Intermet workers get benefits extension

Published 12:00 am Tuesday, June 6, 2000

Intermet-Ironton Iron workers who lost jobs when the plant shut down this winter will receive a financial boost beyond unemployment benefits.

Tuesday, June 06, 2000

Intermet-Ironton Iron workers who lost jobs when the plant shut down this winter will receive a financial boost beyond unemployment benefits.

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Employees who lost jobs on or after Jan. 19, 1999, will receive a 52-week extension of benefits while pursuing education and training, U.S. Rep. Ted Strickland said Monday.

The Department of Labor announced that federal Trade Adjustment Assistance can be given to workers because the Intermet shutdown came in part because of foreign competition, Strickland said.

In other words, because a policy enacted by Congress made it easier for a foreign business to compete with an American business, and because that American business – such as Ironton Iron – lost jobs, then assistance under Section 223 of the Trade Act of 1974 was warranted, he said.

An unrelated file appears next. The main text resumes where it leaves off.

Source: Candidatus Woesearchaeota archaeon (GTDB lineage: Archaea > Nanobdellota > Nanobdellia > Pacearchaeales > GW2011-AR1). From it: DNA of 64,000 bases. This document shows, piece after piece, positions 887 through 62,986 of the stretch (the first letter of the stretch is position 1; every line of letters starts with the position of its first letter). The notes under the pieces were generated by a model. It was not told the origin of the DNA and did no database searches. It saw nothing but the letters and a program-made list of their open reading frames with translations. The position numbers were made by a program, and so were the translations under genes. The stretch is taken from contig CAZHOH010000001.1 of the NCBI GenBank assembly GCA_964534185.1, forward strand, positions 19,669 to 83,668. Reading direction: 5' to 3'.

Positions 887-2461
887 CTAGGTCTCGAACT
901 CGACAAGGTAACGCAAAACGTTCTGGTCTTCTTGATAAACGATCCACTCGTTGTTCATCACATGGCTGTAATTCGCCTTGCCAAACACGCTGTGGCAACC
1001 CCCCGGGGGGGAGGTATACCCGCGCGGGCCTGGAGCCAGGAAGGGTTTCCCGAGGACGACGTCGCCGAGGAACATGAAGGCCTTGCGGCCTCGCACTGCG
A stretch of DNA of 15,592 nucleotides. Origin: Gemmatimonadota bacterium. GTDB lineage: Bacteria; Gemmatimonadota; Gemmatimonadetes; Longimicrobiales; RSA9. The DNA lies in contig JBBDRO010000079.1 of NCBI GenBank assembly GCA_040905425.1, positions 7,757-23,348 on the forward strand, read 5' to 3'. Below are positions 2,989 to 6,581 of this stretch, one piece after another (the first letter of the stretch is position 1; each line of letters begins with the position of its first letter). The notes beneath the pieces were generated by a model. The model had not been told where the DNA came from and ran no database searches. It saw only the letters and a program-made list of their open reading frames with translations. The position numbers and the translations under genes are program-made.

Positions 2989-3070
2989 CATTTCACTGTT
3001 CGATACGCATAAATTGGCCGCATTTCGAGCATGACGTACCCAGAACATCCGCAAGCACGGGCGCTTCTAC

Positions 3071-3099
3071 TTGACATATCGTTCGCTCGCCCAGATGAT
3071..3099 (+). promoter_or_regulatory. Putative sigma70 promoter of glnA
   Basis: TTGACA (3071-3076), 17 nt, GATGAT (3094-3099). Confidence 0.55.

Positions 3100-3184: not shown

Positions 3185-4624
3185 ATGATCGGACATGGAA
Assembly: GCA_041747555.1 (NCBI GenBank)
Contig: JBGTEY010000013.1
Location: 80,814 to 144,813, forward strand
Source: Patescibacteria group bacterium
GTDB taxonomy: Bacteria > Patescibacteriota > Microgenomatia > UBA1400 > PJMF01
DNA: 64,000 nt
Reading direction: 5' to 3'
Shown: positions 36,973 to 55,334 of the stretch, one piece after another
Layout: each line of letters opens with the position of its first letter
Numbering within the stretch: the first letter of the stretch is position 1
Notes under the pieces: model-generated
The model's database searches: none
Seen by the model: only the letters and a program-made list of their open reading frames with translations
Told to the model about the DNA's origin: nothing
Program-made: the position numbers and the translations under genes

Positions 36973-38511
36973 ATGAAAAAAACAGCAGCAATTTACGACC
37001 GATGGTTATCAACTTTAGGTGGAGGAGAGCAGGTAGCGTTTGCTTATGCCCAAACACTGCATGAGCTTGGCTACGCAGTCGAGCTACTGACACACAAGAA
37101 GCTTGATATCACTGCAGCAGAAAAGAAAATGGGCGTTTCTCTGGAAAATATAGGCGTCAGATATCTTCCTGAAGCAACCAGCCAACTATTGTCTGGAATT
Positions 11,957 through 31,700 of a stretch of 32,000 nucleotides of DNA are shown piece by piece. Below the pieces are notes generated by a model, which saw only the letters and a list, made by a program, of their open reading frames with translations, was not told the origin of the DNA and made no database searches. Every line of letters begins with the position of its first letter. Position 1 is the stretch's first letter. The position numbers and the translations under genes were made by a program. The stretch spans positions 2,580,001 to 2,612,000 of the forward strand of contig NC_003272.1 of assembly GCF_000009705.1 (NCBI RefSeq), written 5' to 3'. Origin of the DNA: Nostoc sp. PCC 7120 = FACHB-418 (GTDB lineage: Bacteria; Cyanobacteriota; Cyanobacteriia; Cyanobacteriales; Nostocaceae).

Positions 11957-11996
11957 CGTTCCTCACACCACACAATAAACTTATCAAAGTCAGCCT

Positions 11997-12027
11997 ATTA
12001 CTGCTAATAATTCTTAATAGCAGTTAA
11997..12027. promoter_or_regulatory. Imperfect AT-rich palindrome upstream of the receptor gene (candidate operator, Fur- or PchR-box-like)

"The Department of Labor agreed that there was a qualifying set of circumstances and workers were eligible," Strickland said.

"Sometimes it’s hard to know what’s going on in federal agencies and all you can do is keep checking and pushing," he said.

"I’m pleased they reached the right conclusion."

Specific benefits of Trade Adjustment Assistance include:

– Training for employment in another job or career. Workers may receive up to 104 weeks of approved training in occupational skills and basic or remedial education.

– Income support known as trade readjustment allowances (TRA) are weekly cash payments available for 52 weeks after a worker’s unemployment compensation benefit is exhausted and during the period in which a worker is participating in an approved full-time training program.

Workers qualify for the income support regardless of their financial condition, but they should apply through their local employment bureau to receive specific instructions, Strickland said.

The Department of Labor’s decision comes at a crucial time for workers most affected – those who were laid off at this year’s Intermet shutdown, he said.

"It helps relieve the crisis atmosphere so they can make good decisions," Strickland said. "I’ve been there and I know you can feel desperate when you’ve got responsibilities and there’s no reliable source of income."

To know that the bills can get paid while pursuing another job or another career is a tremendous boost, he said.

"I wish we would never have to have this type of program but once layoffs or plant closures occur, it’s good to have."